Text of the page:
5. Lack of fairness: if someone is applying for a job with the requisite experience and skills, but isn't getting interviews or job offers on a consistent basis, it creates the impression of a lack of a level playing field. Perception and reality can be different, but from an individual perceptive, their perception is their reality. Teachers are very self-critical!

  6. Conflict of values: someone who joins the teaching profession has a set of values and aspirations about helping students. Senior leaders new to their role are helping staff. But when you get into a job and your personal values clash with the school's, this creates friction that can lead to burnout. That teacher needs to be told: have you tried another school?

Do these factors chime with you? Let us know in the comments below.


3. Senior mental health lead training is important - and fully funded by the DfE

Teach Well Toolkit's Senior Mental Health Lead Training - DfE fully funded

"You never know when these things stop, so get in there now!" Tom Rogers, Teachers Talk Radio

The DfE expects all schools to identify a senior mental health lead who can begin training by 31 March 2025. To support this, the DfE is offering fully funded senior mental health lead training to eligible schools and colleges in England.

Teach Well Toolkit's Senior Mental Health Lead Training comprises a two-day online course. Day 1 looks at whole-school strategies to support staff and students, with Day 2 featuring time for hands-on action planning for when delegates return back to school. This comes from Steve's experiences of going on a course, feeling enthusiastic about it but then finding no time to put anything in place!

There's also a special offer from Teach Well Toolkit: a second member of staff in the same school can access the training for free! Register your interest here.


4. Supporting student mental health and wellbeing is just as important as supporting staff

Mini Medics book front cover

"Young people need to normalise conversations [about mental health] and express their feelings" Suneta Bagri, Co-Founder of Teach Well Toolkit

Teach Well Toolkit is committed to supporting student mental health and wellbeing as well as that of staff. For a long time, people have campaigned in support of teaching young people about mental health, and this starts in schools. There is so much focus on physical health in schools; mental health deserves parity. So, how can we empower young people in the classrooms?

Teach Well Toolkit has a couple of initiatives that support students in primary and second schools. The first is Mini Medics: mental health training for students in Year 5. This 3-hour interactive course comes alongside 32-page Pupil Mental Health books and training notes for teachers. It features discussion with pupils throughout to centre their thoughts, emotions and experiences.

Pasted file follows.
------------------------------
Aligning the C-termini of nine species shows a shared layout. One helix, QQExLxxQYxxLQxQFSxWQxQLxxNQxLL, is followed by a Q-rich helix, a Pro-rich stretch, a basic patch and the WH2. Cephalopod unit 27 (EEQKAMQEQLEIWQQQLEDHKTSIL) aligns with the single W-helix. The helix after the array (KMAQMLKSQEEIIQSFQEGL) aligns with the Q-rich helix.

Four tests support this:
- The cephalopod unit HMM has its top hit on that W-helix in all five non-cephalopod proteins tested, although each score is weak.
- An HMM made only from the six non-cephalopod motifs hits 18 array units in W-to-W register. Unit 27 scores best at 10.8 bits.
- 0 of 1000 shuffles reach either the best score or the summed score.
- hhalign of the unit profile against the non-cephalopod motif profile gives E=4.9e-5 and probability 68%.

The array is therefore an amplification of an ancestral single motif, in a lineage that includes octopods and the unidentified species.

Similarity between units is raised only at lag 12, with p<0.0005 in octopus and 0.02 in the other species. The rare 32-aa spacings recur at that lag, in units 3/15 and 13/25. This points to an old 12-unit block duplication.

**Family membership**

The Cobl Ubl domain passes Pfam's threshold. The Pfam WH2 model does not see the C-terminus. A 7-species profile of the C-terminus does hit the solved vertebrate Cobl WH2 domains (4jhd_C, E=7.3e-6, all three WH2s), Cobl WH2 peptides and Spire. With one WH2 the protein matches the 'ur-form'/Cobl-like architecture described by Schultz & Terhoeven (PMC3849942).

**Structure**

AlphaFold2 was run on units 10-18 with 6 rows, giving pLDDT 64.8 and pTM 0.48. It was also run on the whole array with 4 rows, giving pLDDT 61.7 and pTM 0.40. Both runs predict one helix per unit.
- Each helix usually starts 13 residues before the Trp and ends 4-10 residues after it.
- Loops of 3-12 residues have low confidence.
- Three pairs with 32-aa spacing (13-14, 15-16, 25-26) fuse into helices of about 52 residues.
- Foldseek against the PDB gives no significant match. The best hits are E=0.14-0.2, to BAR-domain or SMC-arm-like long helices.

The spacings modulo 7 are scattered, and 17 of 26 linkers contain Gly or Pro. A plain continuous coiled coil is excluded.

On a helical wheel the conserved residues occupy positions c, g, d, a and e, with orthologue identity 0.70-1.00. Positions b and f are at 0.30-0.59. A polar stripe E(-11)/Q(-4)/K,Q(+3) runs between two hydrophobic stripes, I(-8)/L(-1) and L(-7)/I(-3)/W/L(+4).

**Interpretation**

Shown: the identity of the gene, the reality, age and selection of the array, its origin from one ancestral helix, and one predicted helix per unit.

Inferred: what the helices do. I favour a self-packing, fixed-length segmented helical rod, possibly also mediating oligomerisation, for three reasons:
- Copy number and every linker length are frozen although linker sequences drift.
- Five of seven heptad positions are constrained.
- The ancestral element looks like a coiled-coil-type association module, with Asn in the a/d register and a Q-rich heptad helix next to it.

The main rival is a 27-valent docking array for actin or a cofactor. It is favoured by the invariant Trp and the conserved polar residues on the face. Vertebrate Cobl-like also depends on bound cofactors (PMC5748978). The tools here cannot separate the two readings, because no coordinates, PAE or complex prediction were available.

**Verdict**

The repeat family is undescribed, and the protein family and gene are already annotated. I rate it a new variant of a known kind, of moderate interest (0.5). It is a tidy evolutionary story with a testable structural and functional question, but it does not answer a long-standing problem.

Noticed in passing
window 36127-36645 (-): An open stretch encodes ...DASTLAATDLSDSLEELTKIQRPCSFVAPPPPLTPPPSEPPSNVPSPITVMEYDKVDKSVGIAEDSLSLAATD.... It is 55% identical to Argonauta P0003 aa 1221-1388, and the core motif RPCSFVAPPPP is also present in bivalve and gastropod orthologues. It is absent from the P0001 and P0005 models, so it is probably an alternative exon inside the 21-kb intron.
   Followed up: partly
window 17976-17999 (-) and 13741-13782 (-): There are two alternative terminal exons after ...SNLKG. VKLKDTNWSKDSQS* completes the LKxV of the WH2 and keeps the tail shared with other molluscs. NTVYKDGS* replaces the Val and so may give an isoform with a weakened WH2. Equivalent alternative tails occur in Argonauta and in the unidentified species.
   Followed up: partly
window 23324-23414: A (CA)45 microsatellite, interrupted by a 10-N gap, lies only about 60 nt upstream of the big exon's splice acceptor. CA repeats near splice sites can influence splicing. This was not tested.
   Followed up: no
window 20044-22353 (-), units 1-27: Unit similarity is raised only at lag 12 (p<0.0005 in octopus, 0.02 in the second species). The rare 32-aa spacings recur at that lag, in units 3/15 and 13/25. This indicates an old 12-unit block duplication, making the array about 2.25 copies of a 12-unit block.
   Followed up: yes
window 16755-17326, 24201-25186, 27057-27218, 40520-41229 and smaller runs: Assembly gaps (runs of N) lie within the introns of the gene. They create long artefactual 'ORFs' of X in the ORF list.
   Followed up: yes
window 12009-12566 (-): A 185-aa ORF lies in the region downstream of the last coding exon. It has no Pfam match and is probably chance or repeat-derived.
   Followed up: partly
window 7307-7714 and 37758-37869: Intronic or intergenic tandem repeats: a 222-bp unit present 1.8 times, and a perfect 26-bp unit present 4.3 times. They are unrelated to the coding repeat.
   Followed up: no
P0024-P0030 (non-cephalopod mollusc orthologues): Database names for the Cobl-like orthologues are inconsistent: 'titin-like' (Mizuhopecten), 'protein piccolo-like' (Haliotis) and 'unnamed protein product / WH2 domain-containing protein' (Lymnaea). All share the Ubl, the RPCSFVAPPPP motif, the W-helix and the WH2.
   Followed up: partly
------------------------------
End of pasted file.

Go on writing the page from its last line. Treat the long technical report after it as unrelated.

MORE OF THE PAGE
In addition, Teach Well Toolkit's Student Wellbeing and Mental Health Ambassador Training for Years 5-10 equips pupils as problem handlers, not problem solvers. The 4-hour interactive training includes pupil training logs and covers multiple areas, including duty of care and confidentiality. One school's ambassadors were paired with a Year 7 form in their first half-term at secondary school to have a positive effect on students at a notorious transition point in their education journey.

To find out more about Mini Medics or Ambassador Training, register your interest here.


5. Coming soon... Heartfelt Leadership

Front cover of Heartfelt Leadership: Headteacher's Handbook to Solving Staff Employment Issues

"When everyone understands the process, we take the caveats and complexity out of a situation" Suneta Bagri, Co-Founder of Teach Well Toolkit

The handbook from Teach Well Toolkit will be essential for any headteacher when it comes to solving staff employment issues and having difficult conversations, from the routine to the unusual. Sometimes issues of capability and conduct are unavoidable, and this handbook helps by providing clear processes that aim to eliminate any ambiguity and stop any further issues from arising.

Testimonial for Heartfelt Leadership from Nicola Taman: “We all know that in real life, you don't have an hour to perfectly plan a meeting with a member of staff. Quite often these meetings with employees have to happen quickly and urgently.   ‘Heartfelt Leadership: The Headteacher’s Handbook’ provides headteachers with 'off the shelf' step-by-step guidance on employee relations issues without the need to trawl through dozens of policies to find the answer. The guidance ranges from the informal to formal and is a tool every headteacher should have at their fingertips.”

Drawn from the Burgundy Book, union guidance and employment law, the handbook provides a step-by-step guide on issues such as harassment and bullying, grievances, staff absence, reasonable adjustments and suspension.

Testimonial for Heartfelt Leadership from Steve Hughes: “Having responsibility for managing in-house HR issues can be really time-consuming. The consequences of not following proper procedures and protocols can be significant. This adds considerably to workload and stresses for Heads and Senior Managers.   This guide provides comprehensive help and easy to follow guidance with checklists that help you to walk through the processes and steps required in a variety of situations. It is well designed and easy to follow. In my opinion, it is a must-have resource that is invaluable for school leaders.”

To register your interest in Heartfelt Leadership before it is published in September, let Steve and Suneta know here.

Testimonial for Heartfelt Leadership from Toni McCarroll: “As a new headteacher, I know this handbook will undoubtedly be an invaluable resource. It will save me a significant amount of time and provide me with clear and concise guidelines to navigate various staffing challenges. “The handbook has easy-to-follow procedure lists which make it effortless to find the information I need quickly. The inclusion of specific sections addressing issues such as illnesses, capability, and grievances is particularly helpful in managing these complex situations. The guide’s user-friendly design and practical recommendations make it an essential tool for effective staff management for me in my school.”


Want more guidance on support staff and student mental health and wellbeing? Listen back to the full episode here!

123 views0 comments


bottom of page